If you’ve scrolled through Instagram lately, you’ve surely seen #influencer posts with paid disclosures and #sponsored tags. Some of the biggest brands use social media influencers in their marketing strategies.
A few years ago, Subaru hired @devinsupertramp for their #MeetAnOwner campaign, designed to target Millenials.
Devin Graham is an American YouTuber with over 6 million subscribers. His campaign with Subaru, featuring a slip and slide off a cliff has been seen by over 1.2 million people.
If you’re wondering whether influencer marketing is right for your brand, the answer is yes! Influencer marketing can help you reach new audiences, drive sales, and build brand trust in a way traditional marketing cannot.
As with all forms of marketing, though, influencer marketing must be done correctly to be effective. Today, we’ll talk about influencer marketing— what it is, the different types of influencer marketing, how to successfully create a campaign, the logistics behind determining an influencer marketing strategy, and how to define success.
What is influencer marketing?
Influencer marketing is a strategy that uses targeted social media influencers with an engaged audience to increase brand awareness, promote a product, and drive sales. Its strength lies in the authenticity of the influencer and the trust build between the influencer and their audience.
Why does your brand need an influencer marketing strategy?
A 2021 survey by technology services company, Inmar Intelligence, reveals that 84% of respondents have made a purchase based on an influencer’s recommendation. Why? In a world where mistrust is on the rise, 41% of respondents say they can trust influencers because they’re authentic and 47% say they can relate to influencers.
With 42.7% of worldwide internet users enabling adblockers to avoid direct brand messages, influencer marketing is becoming more and more important in order to reach a new audience.
Is it effective? The results speak for themselves. The Inmar Intelligence survey shows that 88% of respondents aged 41 – 56 say they’ve made a purchase based on an influencer’s recommendation. Ten percent of those surveyed have spent over £724 on influencer recommendations within the past year.
Trust, access, and authenticity make influencers a powerful acquisition channel for your next marketing campaign.
Once you’ve decided to use influencers in your marketing plan, it’s time to create a strategy. Consider your budget, timeline, products or services to promote, a theme, and a target audience. Establishing a plan before talking to influencers is key, otherwise, you could end up wasting money and an opportunity for growth and sales.
How should you select which social channels to reach your audience?
Before you start your research on which influencer will best represent your brand, it’s important to choose a platform. Not all social media is created equal— and selecting the platform or platforms where your potential audience is most active is key when creating your influencer marketing strategy.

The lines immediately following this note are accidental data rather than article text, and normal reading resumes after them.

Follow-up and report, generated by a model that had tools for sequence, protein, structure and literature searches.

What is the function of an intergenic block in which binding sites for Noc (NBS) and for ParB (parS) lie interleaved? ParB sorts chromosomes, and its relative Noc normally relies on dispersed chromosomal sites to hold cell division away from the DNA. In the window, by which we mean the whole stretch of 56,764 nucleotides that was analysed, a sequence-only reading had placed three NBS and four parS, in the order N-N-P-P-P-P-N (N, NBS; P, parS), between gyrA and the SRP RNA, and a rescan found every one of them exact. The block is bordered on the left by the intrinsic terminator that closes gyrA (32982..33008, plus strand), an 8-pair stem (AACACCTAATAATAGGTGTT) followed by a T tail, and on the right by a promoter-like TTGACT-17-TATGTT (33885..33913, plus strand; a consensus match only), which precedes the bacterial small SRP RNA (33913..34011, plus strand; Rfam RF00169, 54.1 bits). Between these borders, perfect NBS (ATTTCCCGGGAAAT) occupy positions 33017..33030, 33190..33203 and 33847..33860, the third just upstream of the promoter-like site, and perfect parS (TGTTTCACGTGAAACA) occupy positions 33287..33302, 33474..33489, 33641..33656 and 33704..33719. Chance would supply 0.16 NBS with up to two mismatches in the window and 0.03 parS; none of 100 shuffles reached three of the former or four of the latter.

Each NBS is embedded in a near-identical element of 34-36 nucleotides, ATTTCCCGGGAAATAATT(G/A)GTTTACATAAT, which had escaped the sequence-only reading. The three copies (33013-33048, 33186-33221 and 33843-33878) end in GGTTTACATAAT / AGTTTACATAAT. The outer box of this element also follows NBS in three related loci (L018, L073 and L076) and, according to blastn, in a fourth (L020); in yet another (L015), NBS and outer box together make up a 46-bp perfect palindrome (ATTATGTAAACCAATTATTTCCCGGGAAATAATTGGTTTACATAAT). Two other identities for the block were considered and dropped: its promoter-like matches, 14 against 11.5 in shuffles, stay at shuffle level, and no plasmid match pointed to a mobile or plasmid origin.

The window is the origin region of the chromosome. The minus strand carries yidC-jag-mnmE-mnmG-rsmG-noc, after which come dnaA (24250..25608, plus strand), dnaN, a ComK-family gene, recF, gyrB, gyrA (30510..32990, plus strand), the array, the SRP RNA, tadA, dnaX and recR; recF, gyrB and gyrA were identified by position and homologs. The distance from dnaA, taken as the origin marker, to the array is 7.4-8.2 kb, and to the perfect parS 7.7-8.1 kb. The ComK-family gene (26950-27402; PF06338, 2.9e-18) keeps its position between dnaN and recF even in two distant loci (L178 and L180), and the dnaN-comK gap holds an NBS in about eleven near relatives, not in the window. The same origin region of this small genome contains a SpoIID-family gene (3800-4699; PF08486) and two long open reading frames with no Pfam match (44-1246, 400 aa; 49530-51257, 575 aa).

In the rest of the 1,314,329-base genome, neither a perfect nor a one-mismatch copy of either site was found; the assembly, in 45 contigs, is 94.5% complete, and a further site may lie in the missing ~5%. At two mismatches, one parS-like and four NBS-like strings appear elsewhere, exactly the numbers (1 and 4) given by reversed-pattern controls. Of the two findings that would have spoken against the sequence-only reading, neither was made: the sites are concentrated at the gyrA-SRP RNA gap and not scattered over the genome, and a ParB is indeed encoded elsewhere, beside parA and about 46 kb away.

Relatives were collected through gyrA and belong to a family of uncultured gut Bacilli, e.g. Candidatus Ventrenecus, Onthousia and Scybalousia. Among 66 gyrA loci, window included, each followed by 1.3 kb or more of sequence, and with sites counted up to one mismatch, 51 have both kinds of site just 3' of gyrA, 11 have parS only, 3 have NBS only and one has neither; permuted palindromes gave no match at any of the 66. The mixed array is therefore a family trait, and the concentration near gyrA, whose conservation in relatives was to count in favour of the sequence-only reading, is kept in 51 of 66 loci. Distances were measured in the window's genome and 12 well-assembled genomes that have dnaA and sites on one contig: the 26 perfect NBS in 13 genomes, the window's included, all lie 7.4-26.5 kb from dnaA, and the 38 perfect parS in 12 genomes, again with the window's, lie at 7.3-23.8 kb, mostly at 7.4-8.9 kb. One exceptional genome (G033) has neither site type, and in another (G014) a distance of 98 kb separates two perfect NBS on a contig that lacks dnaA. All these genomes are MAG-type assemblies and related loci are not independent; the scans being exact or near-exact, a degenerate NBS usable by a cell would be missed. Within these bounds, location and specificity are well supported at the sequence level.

Consider age range, gender, and interests when choosing your platform. Sure, Instagram and TikTok each have over one billion monthly users, but if your brand’s potential clients are spending their time on Twitter and LinkedIn, your money will be wasted on the visually-driven platforms.
Instagram and TikTok are great options for travel, beauty, food, and fashion while tech influencers tend to attract an audience on YouTube and Twitch.
Once you’ve chosen your platform, it’s time to start researching influencers.
How do you choose your influencers?
Choosing an influencer is the next big step in ensuring your brand’s influencer marketing ROI.
Start with the low-hanging fruit. Are there influencers who already love your brand and talk about it without payment? In a world where authenticity is valued above all else, transitioning unpaid influencers who use and promote your brand into a paid partnership is a great place to start.
It can be tempting to assume that the influencers with millions of followers will be more effective than the ones with five or ten thousand followers— but that’s not always the case. Don’t just look at an influencer’s follower count. Dig a little deeper. Look at likes and comments. Remember, quantity doesn’t equal quality. Comment pods (influencers commenting on each others’ posts) can artificially inflate the number of likes and comments, but won’t translate into sales for your brand.
And of course, their niche is important. If you’re a restaurant, don’t choose a fashion blogger to promote your new menu. No matter how amazing your food looks and tastes, a fashion blogger’s followers engage based on what the influencer is wearing. Choose a food blogger to promote food and a fashion blogger to promote fashion.
Ask for a media kit with demographics. You may think an influencer’s demographics match yours, but if you’re going to invest, you need to know for sure— especially if your business is gender, age, or location-specific
Which method of communicating with influencers yields the best results?
Most influencers’ inboxes are full of unsolicited message requests that begin, “I think you’d be a great ambassador for our product,” “We think your audience would love to know about this…,” and “Sorry to drop into your DMs, but we’d like to work with you.” Most of those brands will never receive a response.
Think of influencer marketing as a professional “online dating” service. In order for the campaign to begin, interest on both sides is required. If the influencer can tell you’ve sent a blanket, generic DM, your message will be deleted in less than the time it took you to copy/paste.
Instead, craft a thoughtful proposal for the influencer. You’ve selected them for a reason— maybe you’re impressed with their engagement, use of color, sense of humor. Tell them. Influencers are people, after all, and a little affirmation goes a long way.
When you create your influencer marketing strategy, you should also create an influencer brief that includes: